Of course, it depends of us as teachers. Music goes in every curriculum. Some feel free to include music and some are not. They don't know nothing about music. It's rare a school teacher talking and teaching about humanities and music in the same curriculum.

We can discover some gifted students, then we talk with parents and if they can afford a musical education to their kids, there you have the chance to guide a little bit the the next generation of musicians.



Jan Lisiecki sitting near Glenn Gold's statue

Having graduated from high school at age 15 in January 2011, Jan Lisiecki is studying for a Bachelor of Music at the Glenn Gould School of Music in Toronto on a full scholarship. 

Wow! Glenn Gould School! What an honour!

"The Glenn Gould School represents the highest standards in music education and is dedicated to nurturing its students so they reach the highest level possible."

Jan Lisiecki is now recording for Deutch Grammophon. Yuou can read his biography here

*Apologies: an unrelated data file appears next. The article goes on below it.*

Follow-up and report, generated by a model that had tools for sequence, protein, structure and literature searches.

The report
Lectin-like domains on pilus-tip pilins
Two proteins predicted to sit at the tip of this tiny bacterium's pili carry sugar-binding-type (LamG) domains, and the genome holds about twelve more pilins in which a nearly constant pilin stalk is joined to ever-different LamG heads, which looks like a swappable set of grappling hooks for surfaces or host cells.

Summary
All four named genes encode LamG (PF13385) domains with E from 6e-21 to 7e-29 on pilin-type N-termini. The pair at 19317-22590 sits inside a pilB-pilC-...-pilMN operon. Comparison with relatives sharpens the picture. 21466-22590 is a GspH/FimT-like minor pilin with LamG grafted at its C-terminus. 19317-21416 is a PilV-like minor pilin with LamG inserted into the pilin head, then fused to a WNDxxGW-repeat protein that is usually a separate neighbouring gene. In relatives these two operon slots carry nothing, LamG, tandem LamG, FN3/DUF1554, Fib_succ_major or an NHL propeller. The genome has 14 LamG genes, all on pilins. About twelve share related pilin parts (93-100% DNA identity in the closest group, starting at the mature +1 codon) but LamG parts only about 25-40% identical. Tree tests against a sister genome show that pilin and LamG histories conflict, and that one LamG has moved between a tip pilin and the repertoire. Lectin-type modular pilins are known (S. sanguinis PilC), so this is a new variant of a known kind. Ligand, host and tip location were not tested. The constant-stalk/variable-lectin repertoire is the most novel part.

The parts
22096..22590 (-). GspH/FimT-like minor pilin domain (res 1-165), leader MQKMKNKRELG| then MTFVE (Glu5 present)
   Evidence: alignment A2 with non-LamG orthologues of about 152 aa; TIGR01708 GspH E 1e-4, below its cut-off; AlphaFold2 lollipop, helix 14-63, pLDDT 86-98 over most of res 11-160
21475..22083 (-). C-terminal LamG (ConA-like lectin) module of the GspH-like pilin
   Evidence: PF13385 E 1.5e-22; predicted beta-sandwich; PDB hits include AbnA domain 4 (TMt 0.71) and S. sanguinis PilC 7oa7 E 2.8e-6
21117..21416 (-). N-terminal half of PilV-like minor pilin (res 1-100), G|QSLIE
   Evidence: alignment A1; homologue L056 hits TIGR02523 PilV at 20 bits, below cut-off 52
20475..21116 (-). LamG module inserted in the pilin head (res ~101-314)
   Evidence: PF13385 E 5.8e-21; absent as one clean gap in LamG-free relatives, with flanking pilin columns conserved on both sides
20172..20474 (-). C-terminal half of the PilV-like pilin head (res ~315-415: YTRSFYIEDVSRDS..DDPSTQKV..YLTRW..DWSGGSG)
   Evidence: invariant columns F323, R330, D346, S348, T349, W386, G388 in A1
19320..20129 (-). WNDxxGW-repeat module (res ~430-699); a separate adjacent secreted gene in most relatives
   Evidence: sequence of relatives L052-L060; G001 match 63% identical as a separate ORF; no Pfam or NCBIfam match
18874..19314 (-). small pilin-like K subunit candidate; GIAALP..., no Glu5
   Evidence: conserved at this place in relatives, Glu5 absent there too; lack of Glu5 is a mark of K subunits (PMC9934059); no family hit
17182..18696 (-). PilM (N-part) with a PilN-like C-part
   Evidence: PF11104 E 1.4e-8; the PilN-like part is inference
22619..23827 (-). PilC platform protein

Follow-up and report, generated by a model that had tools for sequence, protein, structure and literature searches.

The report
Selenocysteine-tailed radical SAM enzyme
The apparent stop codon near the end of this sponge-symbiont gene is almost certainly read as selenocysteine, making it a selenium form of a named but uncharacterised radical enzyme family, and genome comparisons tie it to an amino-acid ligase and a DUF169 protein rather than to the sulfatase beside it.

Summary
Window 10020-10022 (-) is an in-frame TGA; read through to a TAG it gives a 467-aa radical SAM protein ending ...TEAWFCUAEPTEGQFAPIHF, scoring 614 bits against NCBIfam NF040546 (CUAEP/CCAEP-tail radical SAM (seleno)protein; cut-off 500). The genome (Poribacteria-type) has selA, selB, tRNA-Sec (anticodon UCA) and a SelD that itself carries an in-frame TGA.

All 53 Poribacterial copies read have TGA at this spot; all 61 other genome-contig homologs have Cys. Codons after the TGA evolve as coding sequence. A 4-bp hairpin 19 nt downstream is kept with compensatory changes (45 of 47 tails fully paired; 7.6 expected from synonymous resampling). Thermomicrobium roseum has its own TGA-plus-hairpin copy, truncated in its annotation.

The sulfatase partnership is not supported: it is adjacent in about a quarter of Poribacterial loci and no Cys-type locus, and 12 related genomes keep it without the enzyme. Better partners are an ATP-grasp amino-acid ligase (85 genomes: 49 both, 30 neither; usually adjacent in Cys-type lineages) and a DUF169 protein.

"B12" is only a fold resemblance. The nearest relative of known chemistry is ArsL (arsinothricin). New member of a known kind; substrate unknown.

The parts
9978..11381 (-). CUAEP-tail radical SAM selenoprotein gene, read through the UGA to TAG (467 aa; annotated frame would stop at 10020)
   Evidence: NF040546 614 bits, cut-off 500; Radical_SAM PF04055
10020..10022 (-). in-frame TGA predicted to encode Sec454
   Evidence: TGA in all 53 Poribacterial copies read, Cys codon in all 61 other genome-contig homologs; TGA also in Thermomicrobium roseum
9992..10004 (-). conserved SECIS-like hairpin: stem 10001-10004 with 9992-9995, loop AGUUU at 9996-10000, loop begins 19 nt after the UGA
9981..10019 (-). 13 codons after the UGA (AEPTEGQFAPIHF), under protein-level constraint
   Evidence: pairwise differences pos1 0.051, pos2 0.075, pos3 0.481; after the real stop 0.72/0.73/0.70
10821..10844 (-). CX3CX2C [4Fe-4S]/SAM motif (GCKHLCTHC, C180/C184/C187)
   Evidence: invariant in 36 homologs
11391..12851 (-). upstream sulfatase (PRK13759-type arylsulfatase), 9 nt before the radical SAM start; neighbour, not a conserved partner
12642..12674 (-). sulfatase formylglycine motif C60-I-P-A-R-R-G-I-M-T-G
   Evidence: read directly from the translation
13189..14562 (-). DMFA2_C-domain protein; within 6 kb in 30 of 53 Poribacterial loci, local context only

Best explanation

Awesome, isn't it? And let's hear this 16-year-old young man talking about himself and Music:




Wow! Love when he says "I am a normal kid"! Indeed he is! But a gifted young man who loves classical music.

Diapason describes Jan as "an unmannered virtuoso already with virile and, above all, irresistibly natural playing."

The BBC Music Magazine commended "Lisiecki’s mature musicality," and his "sensitively distilled" interpretation of the contrasting concerti, played "with sparkling technique as well as idiomatic pathos," noting that "even in a crowded CD catalogue, this refreshingly unhyped debut release is one to celebrate."

Can you believe it! All this about a young 16-year-old man!

Education:

Music has the potential to achieve social and psychological transformation of children and young people. Their sensibility will be accurate. 

We must never waste such an opportunity as teachers! Captivating the major interests of our students to Music.

Many teachers love Music and feel comfortable to speak about Music in the school curriculum.

Resources: 

The love of Music and those videos about Jan Lisiecki. And some CD as well.

Displaying the video below could be a good approach to understand the feelings of some of your students about classical music. 

I'm sure you will discover some gifted kids. You can guide them to continue to study Music in Higher Education. 

16-year-old pianist Jan Lisiecki in this interview, speaks about the uniqueness of the piano and explains why he likes to practice early in the morning watching the sunrise outside his window. What a better example? 


Some thoughts: